map and the ground truth is used as a measure of accuracy of the estimate.

Num of images

Mean error

(in degrees) Our method 15.1 0.23 0.036 0.026 0.015 0.019 0.017 0.013

Max. error LS88.2 34.5 13.7

(in degrees) Our method 127.9 56.6 25.6

5 10 15 20

0.53

25

0.62

30

0.59

35

0.59

40

0.57 LS4.5 0.52 0.51

9.0

5.8

8.4

0.42

7.6

0.48

7.6

0.37

7.0

0.37

Table 3. Effect of number of input images. We use synthetic images of Caesar under

different lighting conditions. The number of illuminations is varied from 5 to 40. The angle

error is measured with respect to the ground truth normal map. The illuminations are

chosen at random, and the error has been averaged over 20 different sets of illumination.

We present the experimental results in Table 3. We observe that with 5 input

illuminations, estimates of both algorithms are very inaccurate but our method

is worse than LS. However, when the number of illuminations is larger than 10,

we observe that the mean error in the LS estimate becomes higher than that

our method. Upon increasing the number of images further, the proposed method

consistently outperforms the LS approach. If the number of input images is less

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Robust Photometric Stereo via Low-Rank Matrix Completion and Recovery11

(a) Mean error (b) Maximum error

0 10

% of specularities

20 30 40

0

5

10

Error (in degrees)

LS Our method

0 10

% of specularities

20 30 40

0

0.5

1

1.5

2

Error (in degrees)

Fig.4. Effect of increasing size of specular lobes. We use synthetic images of Caesar

under 40 randomly chosen lighting conditions. (a) Mean angular error, (b) Maximum

angular error w.r.t. the ground truth. The illuminations are chosen at random, and the

error has been averaged over 10 different sets of illumination. (a) contains illustrations

of increasing size of specular lobe.

than 20, then the maximum error in the LS estimate is smaller than that of our

method. However, our method performs much better when at least 25 different

illuminations are available. Thus, the proposed technique performs significantly

better as the number of input images increases.

d. Varying amount of specularity. From the above experiments, it is clear

that the proposed technique is quite robust to specularities in the input images

when compared to the LS method. In this experiment, we empirically determine

the maximum amount of specularity that can be handled by our method. We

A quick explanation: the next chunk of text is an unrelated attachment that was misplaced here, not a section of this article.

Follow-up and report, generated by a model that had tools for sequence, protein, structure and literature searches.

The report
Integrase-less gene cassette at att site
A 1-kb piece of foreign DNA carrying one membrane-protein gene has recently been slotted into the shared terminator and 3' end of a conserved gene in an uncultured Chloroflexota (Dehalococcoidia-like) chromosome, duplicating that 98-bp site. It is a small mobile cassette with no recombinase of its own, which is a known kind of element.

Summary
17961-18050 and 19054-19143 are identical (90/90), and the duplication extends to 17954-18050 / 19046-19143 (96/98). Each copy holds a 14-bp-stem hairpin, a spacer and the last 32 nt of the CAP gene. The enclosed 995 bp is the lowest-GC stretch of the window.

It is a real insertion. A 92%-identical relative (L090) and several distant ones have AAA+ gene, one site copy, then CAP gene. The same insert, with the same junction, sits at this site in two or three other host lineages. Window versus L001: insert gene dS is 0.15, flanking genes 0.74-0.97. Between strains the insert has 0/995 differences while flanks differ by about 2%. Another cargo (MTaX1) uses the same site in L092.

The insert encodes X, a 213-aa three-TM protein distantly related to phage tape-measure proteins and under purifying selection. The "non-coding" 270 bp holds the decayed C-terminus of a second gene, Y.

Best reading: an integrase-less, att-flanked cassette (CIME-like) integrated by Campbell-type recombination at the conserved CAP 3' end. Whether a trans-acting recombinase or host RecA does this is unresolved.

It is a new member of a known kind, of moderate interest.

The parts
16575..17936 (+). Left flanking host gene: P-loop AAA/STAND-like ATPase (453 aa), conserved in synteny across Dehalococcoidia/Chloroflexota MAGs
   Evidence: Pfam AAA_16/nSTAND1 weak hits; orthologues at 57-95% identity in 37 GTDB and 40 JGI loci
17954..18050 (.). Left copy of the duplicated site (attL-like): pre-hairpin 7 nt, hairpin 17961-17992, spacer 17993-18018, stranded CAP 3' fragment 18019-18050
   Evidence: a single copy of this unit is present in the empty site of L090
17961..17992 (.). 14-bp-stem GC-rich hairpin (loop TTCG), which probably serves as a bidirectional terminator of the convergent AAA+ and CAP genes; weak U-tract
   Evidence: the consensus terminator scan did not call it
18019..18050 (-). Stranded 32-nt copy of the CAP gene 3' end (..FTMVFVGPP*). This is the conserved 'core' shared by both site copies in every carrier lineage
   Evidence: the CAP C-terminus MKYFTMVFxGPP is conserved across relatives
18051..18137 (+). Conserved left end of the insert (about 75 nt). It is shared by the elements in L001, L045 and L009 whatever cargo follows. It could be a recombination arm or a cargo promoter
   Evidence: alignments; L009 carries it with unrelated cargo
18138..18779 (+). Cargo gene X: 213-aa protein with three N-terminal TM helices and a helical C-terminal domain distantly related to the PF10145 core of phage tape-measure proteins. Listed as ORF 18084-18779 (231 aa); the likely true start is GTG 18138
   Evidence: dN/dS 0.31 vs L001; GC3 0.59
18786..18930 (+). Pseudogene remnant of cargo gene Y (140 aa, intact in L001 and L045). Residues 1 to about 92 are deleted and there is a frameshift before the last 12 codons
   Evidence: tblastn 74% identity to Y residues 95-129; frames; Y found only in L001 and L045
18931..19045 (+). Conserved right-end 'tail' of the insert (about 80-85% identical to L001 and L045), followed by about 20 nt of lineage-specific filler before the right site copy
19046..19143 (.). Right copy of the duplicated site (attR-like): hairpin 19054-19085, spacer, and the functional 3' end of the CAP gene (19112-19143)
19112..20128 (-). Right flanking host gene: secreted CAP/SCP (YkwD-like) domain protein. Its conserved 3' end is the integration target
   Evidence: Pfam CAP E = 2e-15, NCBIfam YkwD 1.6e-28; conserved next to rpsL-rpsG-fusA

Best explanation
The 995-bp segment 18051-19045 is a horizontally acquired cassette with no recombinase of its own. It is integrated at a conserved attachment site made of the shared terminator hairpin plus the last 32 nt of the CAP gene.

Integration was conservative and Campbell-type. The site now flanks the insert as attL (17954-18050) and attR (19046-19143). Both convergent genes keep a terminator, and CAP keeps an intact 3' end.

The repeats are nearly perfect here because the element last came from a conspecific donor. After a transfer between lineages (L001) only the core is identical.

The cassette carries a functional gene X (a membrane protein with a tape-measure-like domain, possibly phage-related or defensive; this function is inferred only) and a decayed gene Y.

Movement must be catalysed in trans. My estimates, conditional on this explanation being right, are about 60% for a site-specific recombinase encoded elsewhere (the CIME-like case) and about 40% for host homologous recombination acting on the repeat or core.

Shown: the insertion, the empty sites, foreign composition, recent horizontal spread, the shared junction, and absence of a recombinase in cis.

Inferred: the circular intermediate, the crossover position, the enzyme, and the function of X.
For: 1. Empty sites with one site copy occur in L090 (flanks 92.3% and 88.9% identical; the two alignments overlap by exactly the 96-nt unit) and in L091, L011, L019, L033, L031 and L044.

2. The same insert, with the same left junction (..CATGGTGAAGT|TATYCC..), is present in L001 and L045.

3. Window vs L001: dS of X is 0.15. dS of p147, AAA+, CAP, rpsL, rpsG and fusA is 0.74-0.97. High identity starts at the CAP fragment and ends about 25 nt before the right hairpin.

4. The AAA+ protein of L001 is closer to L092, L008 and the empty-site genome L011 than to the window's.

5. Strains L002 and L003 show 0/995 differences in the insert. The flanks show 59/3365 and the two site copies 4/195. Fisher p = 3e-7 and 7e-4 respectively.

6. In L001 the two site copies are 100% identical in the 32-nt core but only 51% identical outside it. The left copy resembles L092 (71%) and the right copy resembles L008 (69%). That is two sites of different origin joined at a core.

use the Caesar scene under 40 randomly chosen illumination conditions for this

experiment. On an average, about 20% of the pixels in each image is corrupted

by attached shadows. We vary the size of the specular lobe in the input images

(as illustrated in Fig. 4(a)), thereby varying the number of corrupted pixels. We

compare the accuracy of our method against the LS technique using the angular

error of the estimates with respect to the ground-truth.

The experimental results are illustrated in Fig. 4. We observe that our method

is very robust when up to 16% of all pixels in the input images are corrupted

by specularities. The LS method, on the other hand, is extremely sensitive to

even small amounts of specularities in the input images. The angular error in the

estimates of both methods rises as the size of the specular lobe increases.

e. Enhancing performance by better choice of λ. We recall that λ is a

weighting parameter in our formulation given by Eq. (10). In all the above ex-

periments, we have fixed the value of the parameter λ = 1/√m, as suggested by

[14]. While this choice promises a certain degree of error correction, it may be

possible to correct larger amounts of corruption by choosing λ appropriately, as

demonstrated in [26] for instance. Unfortunately, the best choice of λ depends on

the input images, and cannot be determined analytically.

We demonstrate the effect of the weighting parameter λ on a set of 40 images of

Caesar used in the previous experiments. In this set of images, approximately 20%

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12Lun Wu, Arvind Ganesh, Boxin Shi et al.

of the pixels are corrupted by attached shadows and about 28% by specularities.

We choose λ = C/√m, and vary the value of C. We evaluate the results using

angular error with respect to the ground-truth normal map. We observe from